Police said Landwer befriended a 77-year-old man at the Wayne Township Senior Center and the man gave Landwer power of attorney to sell his home in Elgin, Ill. while he was living in Florida, according to media reports. The house sold for $170,000, but prosecutors said the senior and American Eagle Bank in South Elgin, Ill., which holds the mortgage, never saw a dime, reports said.

In 1997, Landwer was convicted of unlawful possession of a stolen vehicle in DuPage County, as well as attempted solicitation of murder and served 7 years in prison, the Herald said.

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Friday, March 04, 2005

Chicago Area Home Sale Activity

For a recap of Chicago area sales for the third quarter 2004 check out Data Quick Reporting resale single family residences and condos as well as new homes .

Wednesday, March 02, 2005

Elgin appraiser pleads guilty in mortgage-fraud case

A former licensed real estate appraiser pleaded guilty Monday to participating in a mortgage fraud scheme that bilked lenders out of about $11 million.

Thomas M. Groh, who ran Universal Appraisal Services, admitted he inflated appraisals in a scheme to sell run down apartment buildings in Chicago for far greater than their actual value.

Groh, 57, of Elgin, pleaded guilty to one count of wire fraud and agreed to cooperate with federal authorities in the investigation.

Two co-defendants, mortgage broker Mohammad “Mike” Kakvand and Syed Ali Mohammed Razvi, who worked with Kakvand, are fugitives, Assistant U.S. Attorney Brian Havey said.

Groh faces about 2 years in prison. U.S. District Judge William Hibbler scheduled sentencing for June 1.

Tuesday, March 01, 2005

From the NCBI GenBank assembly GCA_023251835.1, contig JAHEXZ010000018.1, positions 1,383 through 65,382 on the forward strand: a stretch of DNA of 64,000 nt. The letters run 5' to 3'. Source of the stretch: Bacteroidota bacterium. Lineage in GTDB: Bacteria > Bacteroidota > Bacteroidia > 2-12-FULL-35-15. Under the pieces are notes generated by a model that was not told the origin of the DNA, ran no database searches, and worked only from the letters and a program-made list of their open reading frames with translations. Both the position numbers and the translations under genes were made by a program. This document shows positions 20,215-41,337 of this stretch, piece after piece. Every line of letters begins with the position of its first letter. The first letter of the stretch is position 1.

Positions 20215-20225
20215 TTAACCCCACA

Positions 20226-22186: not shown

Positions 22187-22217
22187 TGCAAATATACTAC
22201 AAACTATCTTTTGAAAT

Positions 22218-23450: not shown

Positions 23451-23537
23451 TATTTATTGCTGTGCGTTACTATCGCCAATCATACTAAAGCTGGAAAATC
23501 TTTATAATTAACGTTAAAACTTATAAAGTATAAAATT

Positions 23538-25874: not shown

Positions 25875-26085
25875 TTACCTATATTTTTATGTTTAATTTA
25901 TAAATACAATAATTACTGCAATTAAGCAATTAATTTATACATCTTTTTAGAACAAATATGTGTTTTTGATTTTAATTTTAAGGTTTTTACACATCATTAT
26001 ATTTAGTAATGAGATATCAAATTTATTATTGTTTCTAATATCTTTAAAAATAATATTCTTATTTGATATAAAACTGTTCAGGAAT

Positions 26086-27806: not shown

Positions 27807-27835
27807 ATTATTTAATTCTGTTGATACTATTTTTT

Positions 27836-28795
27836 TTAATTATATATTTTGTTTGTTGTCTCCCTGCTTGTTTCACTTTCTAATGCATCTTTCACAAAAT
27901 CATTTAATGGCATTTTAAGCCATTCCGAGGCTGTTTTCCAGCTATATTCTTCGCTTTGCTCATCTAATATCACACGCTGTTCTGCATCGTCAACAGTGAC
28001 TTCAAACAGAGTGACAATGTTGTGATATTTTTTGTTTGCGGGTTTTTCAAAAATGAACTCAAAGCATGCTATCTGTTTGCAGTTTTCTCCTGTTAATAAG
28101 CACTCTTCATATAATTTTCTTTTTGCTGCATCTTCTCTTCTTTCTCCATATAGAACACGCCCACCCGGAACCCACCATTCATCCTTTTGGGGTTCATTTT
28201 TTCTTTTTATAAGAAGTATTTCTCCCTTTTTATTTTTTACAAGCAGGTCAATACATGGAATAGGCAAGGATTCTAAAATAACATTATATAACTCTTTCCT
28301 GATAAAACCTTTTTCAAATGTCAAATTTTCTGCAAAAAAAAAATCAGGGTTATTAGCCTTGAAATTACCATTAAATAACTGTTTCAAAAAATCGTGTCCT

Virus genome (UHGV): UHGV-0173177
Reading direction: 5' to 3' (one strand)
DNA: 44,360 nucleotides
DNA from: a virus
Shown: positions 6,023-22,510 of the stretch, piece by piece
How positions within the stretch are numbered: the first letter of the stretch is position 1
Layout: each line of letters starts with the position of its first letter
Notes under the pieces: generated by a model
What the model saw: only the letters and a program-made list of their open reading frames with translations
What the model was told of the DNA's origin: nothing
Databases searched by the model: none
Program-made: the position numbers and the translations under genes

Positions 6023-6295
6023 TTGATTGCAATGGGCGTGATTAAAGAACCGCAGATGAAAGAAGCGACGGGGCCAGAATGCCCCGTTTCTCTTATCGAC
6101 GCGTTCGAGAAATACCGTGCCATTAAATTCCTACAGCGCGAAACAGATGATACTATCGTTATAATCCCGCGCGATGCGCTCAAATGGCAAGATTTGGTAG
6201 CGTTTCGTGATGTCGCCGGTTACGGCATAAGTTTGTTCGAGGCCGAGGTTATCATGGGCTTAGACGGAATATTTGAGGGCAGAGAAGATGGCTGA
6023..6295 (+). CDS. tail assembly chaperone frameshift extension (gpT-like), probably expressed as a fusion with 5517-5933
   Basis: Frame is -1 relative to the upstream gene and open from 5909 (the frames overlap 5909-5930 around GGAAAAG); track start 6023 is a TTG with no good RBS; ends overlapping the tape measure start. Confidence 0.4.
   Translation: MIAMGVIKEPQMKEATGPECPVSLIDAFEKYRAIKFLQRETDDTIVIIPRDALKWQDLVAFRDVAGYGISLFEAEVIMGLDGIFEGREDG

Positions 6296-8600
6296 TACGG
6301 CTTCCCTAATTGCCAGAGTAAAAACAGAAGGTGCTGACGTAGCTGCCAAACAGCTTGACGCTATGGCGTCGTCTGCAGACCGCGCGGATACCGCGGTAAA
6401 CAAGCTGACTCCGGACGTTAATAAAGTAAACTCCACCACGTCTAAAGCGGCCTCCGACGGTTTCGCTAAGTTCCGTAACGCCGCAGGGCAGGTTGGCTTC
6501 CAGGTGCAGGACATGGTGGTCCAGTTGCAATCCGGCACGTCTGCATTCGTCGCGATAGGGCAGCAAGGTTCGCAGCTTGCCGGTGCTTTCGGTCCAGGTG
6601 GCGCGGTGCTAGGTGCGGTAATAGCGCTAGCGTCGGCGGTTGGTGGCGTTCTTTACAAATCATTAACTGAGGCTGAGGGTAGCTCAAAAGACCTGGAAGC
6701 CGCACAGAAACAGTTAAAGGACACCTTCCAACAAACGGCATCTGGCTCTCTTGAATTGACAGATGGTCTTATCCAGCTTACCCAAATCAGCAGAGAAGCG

Mortgage fraud a factor in Chicago foreclosures

Metro area sees rise in activity

The flipping of properties with inflated appraisals and outright fraud on mortgage lenders was a major factor in the persistently high level of foreclosures in the Chicago metro area, suggested Monday.

The investment advisory firm saw 1,696 filings to start foreclosure in Cook County in December 2004 and 1,486 in January 2005. Such filings were a mere 650 in December 2004 and 621 in January 2005 for the surrounding suburban counties, said.

"In contrast to Cook County, filings in the surrounding suburban counties were down to 650 for December and 621 for January of this year," said Alexis McGee, Fair Oaks, Calif.-based's president, in a statement.

According to Assistant U.S. Attorney Kevin Powers, McGee said, a ring of 20 people operating on the south and southwest side of Chicago skimmed $4.4 million through fraudulent deals before being arrested and convicted in 2004.

"Property flipping through inflated appraisals and phony loan documents leads to people winding up owing much more than their homes are worth," said Ms. McGee. "At the first sign of financial trouble, they just walk away, and the lender forecloses and takes a loss."